Pat Schroeder

In 1972, Colorado was a very conservative state that today we would call a “red” state. But in ’72, voters elected their first ever female member of Congress, the young Democrat Pat Schroeder.

She won re-election in each of the next 11 elections, eventually serving 24 years in the US House of Representatives, becoming one of its most influential members.

She even considered joining the 1988 race for president, but ultimately decided against it. And the way she exited the race became a point of controversy in and of itself.

I met her in 1998 when she wrote a memoir which she called 24 Years of Housework and the Place is Still a Mess.

So here now, from 1998, Pat Schroeder.

Pat Schroeder died this past March, she was 82.

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Geraldine Ferraro
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Newt Gingrich

Newt Gingrich was first elected to Congress from George’s sixth district in 1978. By the end of the 1980s, he had risen to a position of leadership in the House GOP.

In 19 for Gingrich was a leader in the Republican wave that took over the house, and Gingrich became the first Republican house speaker in 40 years.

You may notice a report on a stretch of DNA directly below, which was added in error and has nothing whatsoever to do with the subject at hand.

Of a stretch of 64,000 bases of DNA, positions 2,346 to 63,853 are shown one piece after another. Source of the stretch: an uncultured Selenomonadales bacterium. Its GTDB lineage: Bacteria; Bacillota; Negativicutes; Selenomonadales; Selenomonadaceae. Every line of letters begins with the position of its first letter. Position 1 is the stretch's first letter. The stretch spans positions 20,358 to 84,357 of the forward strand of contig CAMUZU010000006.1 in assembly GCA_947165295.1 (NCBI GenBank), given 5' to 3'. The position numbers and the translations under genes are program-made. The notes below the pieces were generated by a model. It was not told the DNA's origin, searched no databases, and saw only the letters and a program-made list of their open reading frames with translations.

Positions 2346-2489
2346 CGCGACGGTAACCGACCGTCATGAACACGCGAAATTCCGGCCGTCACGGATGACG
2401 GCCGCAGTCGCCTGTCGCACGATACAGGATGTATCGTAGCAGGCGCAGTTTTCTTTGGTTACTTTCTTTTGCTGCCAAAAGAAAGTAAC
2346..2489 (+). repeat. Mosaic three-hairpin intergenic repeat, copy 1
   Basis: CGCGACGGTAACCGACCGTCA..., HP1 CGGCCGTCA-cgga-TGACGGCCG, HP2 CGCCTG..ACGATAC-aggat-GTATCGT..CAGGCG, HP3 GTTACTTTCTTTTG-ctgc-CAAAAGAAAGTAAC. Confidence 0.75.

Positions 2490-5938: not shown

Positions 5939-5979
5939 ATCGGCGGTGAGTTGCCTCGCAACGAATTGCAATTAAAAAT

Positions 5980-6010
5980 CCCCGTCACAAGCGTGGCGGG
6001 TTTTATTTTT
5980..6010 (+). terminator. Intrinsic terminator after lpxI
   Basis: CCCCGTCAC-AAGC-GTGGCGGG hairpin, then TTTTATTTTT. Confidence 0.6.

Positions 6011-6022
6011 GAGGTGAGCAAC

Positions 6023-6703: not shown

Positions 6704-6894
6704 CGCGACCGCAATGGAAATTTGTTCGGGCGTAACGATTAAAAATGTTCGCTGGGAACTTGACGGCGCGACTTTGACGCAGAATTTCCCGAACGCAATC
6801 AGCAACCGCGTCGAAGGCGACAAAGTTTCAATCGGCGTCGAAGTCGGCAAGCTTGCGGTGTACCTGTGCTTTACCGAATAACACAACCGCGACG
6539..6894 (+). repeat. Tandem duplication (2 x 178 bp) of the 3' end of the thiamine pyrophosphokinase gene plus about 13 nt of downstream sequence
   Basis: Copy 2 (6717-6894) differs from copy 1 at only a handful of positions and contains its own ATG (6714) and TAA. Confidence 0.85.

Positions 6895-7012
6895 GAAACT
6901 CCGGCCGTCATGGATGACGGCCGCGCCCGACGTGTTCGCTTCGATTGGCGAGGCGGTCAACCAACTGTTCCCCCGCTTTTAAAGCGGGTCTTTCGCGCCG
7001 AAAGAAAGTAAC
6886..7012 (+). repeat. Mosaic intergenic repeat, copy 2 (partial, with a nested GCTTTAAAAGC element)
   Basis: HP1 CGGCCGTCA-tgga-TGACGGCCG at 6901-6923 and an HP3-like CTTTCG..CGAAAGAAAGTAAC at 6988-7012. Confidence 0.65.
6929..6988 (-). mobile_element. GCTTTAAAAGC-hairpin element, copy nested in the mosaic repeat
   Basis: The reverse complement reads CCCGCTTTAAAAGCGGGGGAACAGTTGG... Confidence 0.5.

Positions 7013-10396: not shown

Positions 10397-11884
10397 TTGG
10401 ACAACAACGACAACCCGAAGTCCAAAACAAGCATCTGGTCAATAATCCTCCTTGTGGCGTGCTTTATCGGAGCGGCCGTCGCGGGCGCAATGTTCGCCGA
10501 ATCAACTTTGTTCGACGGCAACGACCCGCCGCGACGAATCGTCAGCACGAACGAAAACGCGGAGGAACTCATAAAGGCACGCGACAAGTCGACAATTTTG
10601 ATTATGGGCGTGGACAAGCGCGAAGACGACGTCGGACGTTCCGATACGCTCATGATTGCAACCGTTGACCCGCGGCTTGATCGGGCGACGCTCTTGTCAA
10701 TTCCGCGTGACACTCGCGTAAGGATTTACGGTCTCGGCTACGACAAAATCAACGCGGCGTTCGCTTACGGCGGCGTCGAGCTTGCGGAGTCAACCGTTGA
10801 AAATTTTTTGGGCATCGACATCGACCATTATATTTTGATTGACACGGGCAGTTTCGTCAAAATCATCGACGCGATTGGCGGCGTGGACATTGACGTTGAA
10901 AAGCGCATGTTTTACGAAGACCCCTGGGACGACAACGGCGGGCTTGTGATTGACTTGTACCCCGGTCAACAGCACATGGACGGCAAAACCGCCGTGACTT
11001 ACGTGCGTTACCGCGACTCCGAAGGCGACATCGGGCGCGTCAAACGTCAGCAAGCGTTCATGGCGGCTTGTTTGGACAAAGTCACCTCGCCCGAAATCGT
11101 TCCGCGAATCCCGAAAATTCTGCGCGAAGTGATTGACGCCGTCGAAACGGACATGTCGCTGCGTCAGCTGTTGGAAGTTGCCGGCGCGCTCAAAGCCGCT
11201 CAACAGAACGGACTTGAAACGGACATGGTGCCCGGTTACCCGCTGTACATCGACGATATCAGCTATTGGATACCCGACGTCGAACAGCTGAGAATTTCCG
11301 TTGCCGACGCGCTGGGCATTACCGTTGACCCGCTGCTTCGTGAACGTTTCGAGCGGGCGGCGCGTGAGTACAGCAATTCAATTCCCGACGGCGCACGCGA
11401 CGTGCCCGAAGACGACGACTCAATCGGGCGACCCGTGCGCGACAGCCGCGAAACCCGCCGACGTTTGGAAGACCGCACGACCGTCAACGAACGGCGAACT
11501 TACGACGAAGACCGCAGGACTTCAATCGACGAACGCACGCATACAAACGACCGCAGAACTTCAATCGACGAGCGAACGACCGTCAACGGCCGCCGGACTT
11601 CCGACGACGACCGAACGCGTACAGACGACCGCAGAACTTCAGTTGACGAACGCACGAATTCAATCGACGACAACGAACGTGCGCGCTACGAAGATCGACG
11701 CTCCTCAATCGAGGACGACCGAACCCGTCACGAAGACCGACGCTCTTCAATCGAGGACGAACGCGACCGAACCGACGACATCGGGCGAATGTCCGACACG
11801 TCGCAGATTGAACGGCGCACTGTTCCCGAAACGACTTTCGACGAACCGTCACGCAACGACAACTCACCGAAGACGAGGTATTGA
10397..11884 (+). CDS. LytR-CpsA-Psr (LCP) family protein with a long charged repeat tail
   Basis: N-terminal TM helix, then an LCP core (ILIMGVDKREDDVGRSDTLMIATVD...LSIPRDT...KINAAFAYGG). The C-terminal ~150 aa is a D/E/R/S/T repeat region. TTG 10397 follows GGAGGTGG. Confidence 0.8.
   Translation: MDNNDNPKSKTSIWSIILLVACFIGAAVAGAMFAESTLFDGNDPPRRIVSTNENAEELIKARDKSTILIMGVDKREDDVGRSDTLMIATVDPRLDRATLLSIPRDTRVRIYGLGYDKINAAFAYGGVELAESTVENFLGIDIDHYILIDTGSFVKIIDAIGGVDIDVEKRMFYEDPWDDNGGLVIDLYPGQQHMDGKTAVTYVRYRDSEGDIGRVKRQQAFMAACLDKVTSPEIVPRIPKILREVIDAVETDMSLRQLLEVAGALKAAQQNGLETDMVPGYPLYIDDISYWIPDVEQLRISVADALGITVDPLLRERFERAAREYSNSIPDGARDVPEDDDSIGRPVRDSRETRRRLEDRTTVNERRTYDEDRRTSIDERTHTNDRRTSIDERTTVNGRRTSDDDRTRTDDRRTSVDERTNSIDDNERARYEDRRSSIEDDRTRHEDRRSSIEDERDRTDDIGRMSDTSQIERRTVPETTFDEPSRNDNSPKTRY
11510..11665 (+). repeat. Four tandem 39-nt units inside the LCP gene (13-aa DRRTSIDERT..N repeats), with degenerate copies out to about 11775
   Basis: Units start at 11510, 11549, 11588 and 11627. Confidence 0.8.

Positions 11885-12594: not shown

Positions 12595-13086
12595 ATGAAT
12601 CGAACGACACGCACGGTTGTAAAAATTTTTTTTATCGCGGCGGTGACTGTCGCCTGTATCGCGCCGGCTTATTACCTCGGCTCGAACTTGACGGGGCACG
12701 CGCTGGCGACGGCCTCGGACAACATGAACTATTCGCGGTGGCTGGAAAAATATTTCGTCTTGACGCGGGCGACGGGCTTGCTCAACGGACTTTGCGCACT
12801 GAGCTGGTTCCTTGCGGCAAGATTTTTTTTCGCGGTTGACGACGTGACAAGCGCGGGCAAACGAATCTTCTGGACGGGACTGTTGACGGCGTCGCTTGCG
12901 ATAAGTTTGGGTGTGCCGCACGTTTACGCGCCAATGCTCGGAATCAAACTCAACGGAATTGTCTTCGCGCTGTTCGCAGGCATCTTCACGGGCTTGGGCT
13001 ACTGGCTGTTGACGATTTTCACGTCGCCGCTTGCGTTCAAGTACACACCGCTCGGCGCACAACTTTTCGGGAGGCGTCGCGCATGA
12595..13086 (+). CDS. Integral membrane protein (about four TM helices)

But by 1997 infighting in the party put Gingrich on the defensive.

Gingrich himself help fan the flames of discontent when, in late 1997, he almost single-handedly shut down the federal government. It was a squabble over a continuing resolution to keep the government funded. And Gingrich was upset because he had apparently been snubbed on a flight on Air Force One.

In 1998 Gingrich wrote a book he called Lessons Learned The Hard Way.

So here now from 1998, Newt Gingrich.

Newt g resigned from the house in January 1999. He ran unsuccessfully for the Republican presidential nomination in 2012.

Gingrich is 78 and remains active in Republican politics. His new book Defeating Big Government Socialism: Saving America’s Future will be published in July.

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Dick Armey

Economist and Texas Republican politician Dick Armey was first elected to Congress in 1984. By 1995, he has risen to the post of Majority Leader, as the Republican Revolution swept Washington.

He remained in that post until his election defeat in 2002.

The following year, Armey wrote a little book of wit and wisdom called Armey’s Axioms.

So here now, from 2003, Dick Armey:

Dick Armey is 80 now, and works as a consultant and lobbyist.